Polish Brethren Trail • Stowarzyszenie Szlak Braci Polskich

Our goal is to document and disseminate achievements of the Polish Brethren religio-social movement from the period of the sixteenth to eighteenth century. (Naszym celem jest dokumentowanie i upowszechnianie dorobku Braci Polskich ruchu religijno–społecznego z okresu XVI–XVIII wieku)


Polish Brethrens’ Trail Society

www.szlakbracipolskich.pl has many objectives, among them:

    • Collecting and archiving all available historical data and information about Polish Brethren in XVI-XVIII centuries.
    • Scientific research related to the Polish Brethren.
    • Support for actions that promote knowledge about the achievements of the Polish Brethren.
    • Promotion of historical places, buildings and objects related to the Polish Brethren.

Polish Brethren represented not only people of a specific religious group. They represented also the socio-cultural formation which attracted many progressive and highly educated people to the Kingdom of Poland for almost a hundred of years in 16th century.

Polish Antitrinitarianism developed in the years 1562-1563, from a split in the Reformed (Calvinist) Church of Little Poland in Southeast Poland. The group of believers who left the existing church were called a “Lesser Church” (ecclesia minor) to distinguish them from the remaining “Greater Church” (ecclesia maior). The members of the “Lesser Church” called themselves “Christians” or “Polish brethren”.

Polish Arianism in Poland was significantly influenced by foreigners, mainly Italians, who found in Poland a safe place to avoid the religious persecution in their home countries. In the beginning, Polish Arianism was not  structurally or ideologically homogeneous. There were many formations (sects) united only by a rejection of the Holy Trinity dogma. The rejection of the Trinity clearly differentiating them from other Christian sects and eventually sujected them to massive counterattacks. After many debates and research they developed a uniform Anti-Trinitarian position that united them until the expulsion in 1658.

Fausto Paolo Sozzini, also known under his Latin name: Faustus Socinus, 1539-1604, was an Italian theologian, who settled in Poland. He is credited for the unification of the Antitrinitarians in Poland, both structurally and ideologically. After Sozzini died, Polish Brethrens were often called Socinians. The Polish Brethren supported rationalism, social justice and fraternity. They supported religious tolerance, national culture and education and were opposed to feudal injustice.

The Polish Brethren were disbanded in 1658 by the Sejm (Polish Parliament). They were ordered to convert to Roman Catholicism or leave Poland.

In the USA Prof. Marian Hillar studies the influence of Polish Socinians on the American Constitution. You can read his study in English:


Polish Brethren Society achieves their goals through several projects:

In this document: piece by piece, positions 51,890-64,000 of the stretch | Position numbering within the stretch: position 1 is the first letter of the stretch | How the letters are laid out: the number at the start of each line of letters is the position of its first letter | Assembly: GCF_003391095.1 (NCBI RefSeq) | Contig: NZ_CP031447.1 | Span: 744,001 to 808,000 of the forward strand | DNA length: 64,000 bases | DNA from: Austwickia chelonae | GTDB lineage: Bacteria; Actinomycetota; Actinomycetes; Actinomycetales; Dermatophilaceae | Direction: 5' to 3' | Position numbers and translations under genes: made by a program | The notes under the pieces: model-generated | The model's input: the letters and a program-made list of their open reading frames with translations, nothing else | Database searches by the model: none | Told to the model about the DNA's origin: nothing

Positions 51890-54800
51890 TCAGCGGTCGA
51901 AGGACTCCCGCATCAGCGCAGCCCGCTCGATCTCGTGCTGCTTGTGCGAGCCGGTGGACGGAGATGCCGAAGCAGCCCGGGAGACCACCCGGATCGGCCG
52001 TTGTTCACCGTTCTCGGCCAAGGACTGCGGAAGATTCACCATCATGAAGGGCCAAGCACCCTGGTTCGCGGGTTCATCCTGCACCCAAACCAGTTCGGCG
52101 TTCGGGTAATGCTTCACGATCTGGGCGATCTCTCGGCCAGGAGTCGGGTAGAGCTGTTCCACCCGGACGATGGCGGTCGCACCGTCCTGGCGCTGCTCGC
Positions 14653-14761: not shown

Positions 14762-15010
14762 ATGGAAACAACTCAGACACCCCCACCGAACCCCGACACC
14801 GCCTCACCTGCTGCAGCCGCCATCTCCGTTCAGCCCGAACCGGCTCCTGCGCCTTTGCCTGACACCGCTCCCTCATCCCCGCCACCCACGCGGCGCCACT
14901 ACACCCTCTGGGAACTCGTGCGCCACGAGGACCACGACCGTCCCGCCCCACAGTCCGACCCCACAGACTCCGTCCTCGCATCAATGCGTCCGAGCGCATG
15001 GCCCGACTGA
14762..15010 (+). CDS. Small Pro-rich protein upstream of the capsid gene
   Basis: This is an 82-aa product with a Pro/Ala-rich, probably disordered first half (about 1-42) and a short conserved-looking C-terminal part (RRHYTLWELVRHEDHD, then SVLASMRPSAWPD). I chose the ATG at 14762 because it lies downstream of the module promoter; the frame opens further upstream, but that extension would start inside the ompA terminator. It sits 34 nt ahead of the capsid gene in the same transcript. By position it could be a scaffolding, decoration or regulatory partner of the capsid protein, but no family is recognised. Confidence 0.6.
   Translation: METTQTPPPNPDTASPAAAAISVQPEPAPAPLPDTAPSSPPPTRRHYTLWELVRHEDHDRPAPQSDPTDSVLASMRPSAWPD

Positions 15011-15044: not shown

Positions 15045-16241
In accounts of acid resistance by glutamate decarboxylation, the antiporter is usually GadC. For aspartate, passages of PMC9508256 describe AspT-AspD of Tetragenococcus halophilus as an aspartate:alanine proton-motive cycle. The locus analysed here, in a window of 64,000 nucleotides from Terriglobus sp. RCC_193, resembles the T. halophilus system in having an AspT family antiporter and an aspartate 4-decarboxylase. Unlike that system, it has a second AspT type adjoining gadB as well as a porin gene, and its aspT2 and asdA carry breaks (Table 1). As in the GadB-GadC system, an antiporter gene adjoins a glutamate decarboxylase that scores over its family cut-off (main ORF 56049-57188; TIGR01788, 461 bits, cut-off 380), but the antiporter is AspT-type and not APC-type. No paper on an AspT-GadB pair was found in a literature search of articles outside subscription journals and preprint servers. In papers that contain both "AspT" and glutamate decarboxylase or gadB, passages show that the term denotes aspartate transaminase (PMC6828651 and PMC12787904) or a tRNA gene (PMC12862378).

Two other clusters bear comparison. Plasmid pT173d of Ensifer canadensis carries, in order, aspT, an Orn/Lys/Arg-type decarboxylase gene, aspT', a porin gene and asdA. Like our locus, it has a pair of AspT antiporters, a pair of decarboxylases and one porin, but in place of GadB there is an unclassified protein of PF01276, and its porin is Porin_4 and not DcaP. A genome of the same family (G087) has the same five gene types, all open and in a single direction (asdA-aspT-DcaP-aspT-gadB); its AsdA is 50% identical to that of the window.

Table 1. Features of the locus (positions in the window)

1. Polish Brethren’ Museum: – www.muzeumbracipolskich.prv.pl (http://omen.aplus.pl/strony/muzeum/

    • The first project of its kind, it’s purpose is to collect, computerize and foster public access to the information and historical memorabilia that are still available. The Polish Brethren sect was called “Polish faith”, with disdain. This suggests it had Polish roots but refugees from Western Europe played a significant role.

  1. Information Website: www.szlakbracipolskich.prv.pl


– Contains information about the places related to the Polish Brethren, their bibliography, works and actions in Poland and abroad; their social and religious research and historical background. It includes the biographical information about  important people in the Polish Brethren community.

  1. Film Studio “Polish Brethren”: http://www.youtube.com/user/SzlakBraciPolskich – documentary of the historical locations, sites and objects related to Polish Brethren.

  1. The Polish Brethren Trail – a professional route prepared to help tourists visit all the Polish Brethren historical sites and to view memorabilia from the  XVI – XVIII centuries related to the Polish Brethren. The trail also includes other historical objects important for the reformation and world history.

Our society, www.stowarzyszenieszlakbracipolskich.prv.pl, carries on many other activities documentating and popularizing the achievements of the Polish Brethren.

At the present time, all Internet websites are only available in Polish. We hope to add an English version thanks to the sponsors. We do have a Facebook page.

The center of our activities is located in Swietokrzyski province, since it has a concentration of post-Arian historical objects. In the XVI century the whole region of river Nida was covered with a network of Arian chapels, schools and libraries. The town Pińczów became a center of the Arian (Polish Brethren) movement between the  60s of XVI century until 1586. In addition to an Arian chapel it had a library, archives and a printing house managed by Daniel of Łęczyca. After Piotr Myszkowski, Bishop of Krakow bought this town, he removed the Polish Brethren from Pinczów.

The Arian’s cultural center then moved to Raków, a town established in 1569 by Jan Sienienski. Already in 1575 a printing house was opened there. In 1602 the famous Raków Academy was established. The efforts of Jakub Zadzik, bishop of Kraków caused the closing of Polish Brethen’s activities in Raków. The last location of Arian’s in Poland was in Czarkowy, which belonged to the Moskorzowski’s family. In 1659 the last secret synod took place there.


Robert J. Paliga

Robert P. Płaski


Jagoda Urban-Klaehn

Edited for posting:

February 28, 2011, by Jim Nugent